I really liked this program. When I'm feeling low, I put on Ashton's Capriol Suite from the NYTB site. Something about the combination of social and court dancing is healing, it's a friendly work. The program brings these aspects together too, a happy accident as the company originally planned other ballets which fell through.
Valses nobles takes a while to appreciate. At first it looks like another chic production from yesteryear with flouncy dresses and white gloves. But as Ashton Fan says, seeing it again – and again – it slowly releases its perfume. In a way I can't pin down, it has a religious quality as if goddess Aphrodite is pulling the strings. I'm thinking especially of the part where the two main men bow to the principal woman as she covers her face with her arm (Aphrodite doesn't look at you direct, she was called the side-glancer) and also the use of the screens which conceal as much as they reveal.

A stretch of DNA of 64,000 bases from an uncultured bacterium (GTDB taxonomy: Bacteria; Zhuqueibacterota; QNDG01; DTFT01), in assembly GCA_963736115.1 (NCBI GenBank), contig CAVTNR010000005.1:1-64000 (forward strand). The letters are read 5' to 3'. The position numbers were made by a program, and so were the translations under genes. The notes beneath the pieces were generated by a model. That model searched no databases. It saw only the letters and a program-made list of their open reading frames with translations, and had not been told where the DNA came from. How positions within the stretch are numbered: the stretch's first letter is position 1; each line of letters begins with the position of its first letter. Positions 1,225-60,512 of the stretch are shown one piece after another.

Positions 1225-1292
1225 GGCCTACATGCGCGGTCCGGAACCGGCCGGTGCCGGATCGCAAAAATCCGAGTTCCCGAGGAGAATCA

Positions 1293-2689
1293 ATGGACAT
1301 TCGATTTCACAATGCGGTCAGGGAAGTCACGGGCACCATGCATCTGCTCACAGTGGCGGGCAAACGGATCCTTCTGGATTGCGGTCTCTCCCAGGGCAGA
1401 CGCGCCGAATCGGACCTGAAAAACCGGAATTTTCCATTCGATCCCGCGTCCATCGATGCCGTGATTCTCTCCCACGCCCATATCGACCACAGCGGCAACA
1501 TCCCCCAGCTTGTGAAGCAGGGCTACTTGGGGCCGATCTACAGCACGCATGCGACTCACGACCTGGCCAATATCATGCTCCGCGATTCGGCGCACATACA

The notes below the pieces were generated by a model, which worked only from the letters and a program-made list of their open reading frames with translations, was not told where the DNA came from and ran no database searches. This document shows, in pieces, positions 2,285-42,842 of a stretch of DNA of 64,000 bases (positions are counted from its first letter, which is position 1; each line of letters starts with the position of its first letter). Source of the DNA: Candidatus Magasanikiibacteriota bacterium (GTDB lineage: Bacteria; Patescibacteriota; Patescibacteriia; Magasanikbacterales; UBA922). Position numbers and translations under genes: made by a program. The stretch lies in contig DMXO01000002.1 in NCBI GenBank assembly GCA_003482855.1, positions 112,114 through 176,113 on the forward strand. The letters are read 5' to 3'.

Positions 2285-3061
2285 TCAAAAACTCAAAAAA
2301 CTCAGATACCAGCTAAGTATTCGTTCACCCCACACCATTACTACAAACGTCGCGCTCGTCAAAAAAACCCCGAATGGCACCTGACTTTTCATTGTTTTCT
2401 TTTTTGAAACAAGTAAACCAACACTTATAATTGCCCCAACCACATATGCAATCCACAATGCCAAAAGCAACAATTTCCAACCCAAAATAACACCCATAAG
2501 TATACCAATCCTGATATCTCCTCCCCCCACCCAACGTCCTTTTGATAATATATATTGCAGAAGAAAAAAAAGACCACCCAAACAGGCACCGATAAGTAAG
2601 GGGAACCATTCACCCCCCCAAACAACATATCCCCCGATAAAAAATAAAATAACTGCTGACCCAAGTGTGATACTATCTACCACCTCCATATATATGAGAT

The lift in the Paradise Garden where she is held vertically upside down reminded me of an Italian cypress tree which is supposed to be a symbol of death. I wonder if that was in Ashton's mind. In contrast, loved the daftness of Facade. I hear it called camp (which sounds snipey and I suspect is homophobic) but I think it all fits with the spiritual side of Ashton's work, like the Hopi koshares.
Any chance for more streaming when Sarasota returns to live shows?